Back in the IE

November Great Story by Mairany Anaya, 2018-19 Inland Empire Climate Fellow

Recently, a co-worker and I were having a conversation about what we wanted to be when we were growing up. When it was my turn to answer the question, I replied with “I wanted to be a chef in the 6th grade for reasons I am still unsure about.”

“Did you like to cook?” he asked.

“Nope,” I replied. We reflected on how we both didn’t think that we’d find ourselves working for a government agency, especially for a small one tucked away in a corner of San Bernardino near the base of the San Bernardino Mountains. 

Throughout the next couple of days, I continued to reflect on why I chose to return home to the Inland Empire after spending four years for college on the east coast. It was the norm for students to start a “new life” away from home right after graduation at my alma mater. Even though I knew I wanted to start my career back in California, I struggled with accepting this and being ok with not following in the footsteps of my peers. 

Something that I never fully realized existed until I began working at my site was the presence of a “brain drain” in the Inland Empire. Apparently, many students who are from the IE who go to college, especially those who go to college out of state, usually do not return to the IE to start their careers. It’s becoming a huge problem because the region misses out on the intellectual capital of the residents with a college degree that decide to work elsewhere. After graduating, many asked me why I had decided to return to the IE. I was often met with surprise when I’d tell them that I had come back to a.) save money by living at home and b.) (more importantly) to work to improve the region that I grew up in.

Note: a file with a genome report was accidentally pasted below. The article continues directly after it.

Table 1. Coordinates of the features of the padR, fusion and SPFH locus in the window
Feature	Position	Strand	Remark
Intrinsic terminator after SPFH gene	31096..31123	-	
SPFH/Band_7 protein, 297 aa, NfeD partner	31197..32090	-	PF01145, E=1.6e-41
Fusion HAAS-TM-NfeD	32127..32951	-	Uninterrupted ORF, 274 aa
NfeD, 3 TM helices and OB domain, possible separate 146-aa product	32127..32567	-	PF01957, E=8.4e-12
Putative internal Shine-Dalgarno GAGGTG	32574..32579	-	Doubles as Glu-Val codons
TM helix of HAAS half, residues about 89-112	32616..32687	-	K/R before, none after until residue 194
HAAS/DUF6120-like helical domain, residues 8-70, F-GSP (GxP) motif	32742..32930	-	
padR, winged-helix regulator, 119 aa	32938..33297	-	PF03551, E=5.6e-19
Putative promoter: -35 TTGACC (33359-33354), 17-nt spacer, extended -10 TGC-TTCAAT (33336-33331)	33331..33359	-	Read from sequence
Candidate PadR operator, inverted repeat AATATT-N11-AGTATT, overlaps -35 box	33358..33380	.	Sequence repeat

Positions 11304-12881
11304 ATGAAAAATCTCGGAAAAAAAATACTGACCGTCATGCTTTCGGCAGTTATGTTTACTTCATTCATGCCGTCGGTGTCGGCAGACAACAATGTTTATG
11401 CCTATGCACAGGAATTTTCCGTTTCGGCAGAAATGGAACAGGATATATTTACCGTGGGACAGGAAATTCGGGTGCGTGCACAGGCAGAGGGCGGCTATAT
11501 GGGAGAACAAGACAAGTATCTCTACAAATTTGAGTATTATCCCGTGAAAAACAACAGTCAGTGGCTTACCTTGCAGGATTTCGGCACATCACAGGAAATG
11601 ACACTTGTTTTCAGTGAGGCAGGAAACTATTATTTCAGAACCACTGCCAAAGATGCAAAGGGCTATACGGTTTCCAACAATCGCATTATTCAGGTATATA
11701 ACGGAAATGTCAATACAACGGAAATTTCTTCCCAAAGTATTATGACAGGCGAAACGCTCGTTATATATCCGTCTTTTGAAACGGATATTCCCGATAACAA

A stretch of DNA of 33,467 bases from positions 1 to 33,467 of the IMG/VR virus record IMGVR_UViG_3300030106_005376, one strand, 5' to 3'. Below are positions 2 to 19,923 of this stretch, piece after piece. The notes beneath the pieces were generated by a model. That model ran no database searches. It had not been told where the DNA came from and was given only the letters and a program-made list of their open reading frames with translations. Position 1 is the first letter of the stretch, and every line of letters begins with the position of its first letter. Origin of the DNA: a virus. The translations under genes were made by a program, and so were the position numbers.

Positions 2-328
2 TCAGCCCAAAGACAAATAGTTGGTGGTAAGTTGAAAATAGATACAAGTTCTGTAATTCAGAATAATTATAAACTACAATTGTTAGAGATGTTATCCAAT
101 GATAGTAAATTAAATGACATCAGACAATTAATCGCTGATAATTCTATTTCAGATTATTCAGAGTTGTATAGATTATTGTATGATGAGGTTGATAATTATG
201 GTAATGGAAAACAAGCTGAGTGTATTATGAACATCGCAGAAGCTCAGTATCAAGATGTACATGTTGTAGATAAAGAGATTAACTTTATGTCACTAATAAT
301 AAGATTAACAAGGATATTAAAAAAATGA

When coming back to the IE though, I continued to question whether I still had a place here and if I should have just stayed back east. I felt like an outsider trying to grasp at anything that would validate my return. After joining CivicSpark, much of my worry began to subside. I was presented with an opportunity to support my county in a way that allowed me to learn about the prevalent issues within San Bernardino County while simultaneously trying to address them. Slowly, I am beginning to take back my place here, remembering why I wanted to return in the first place.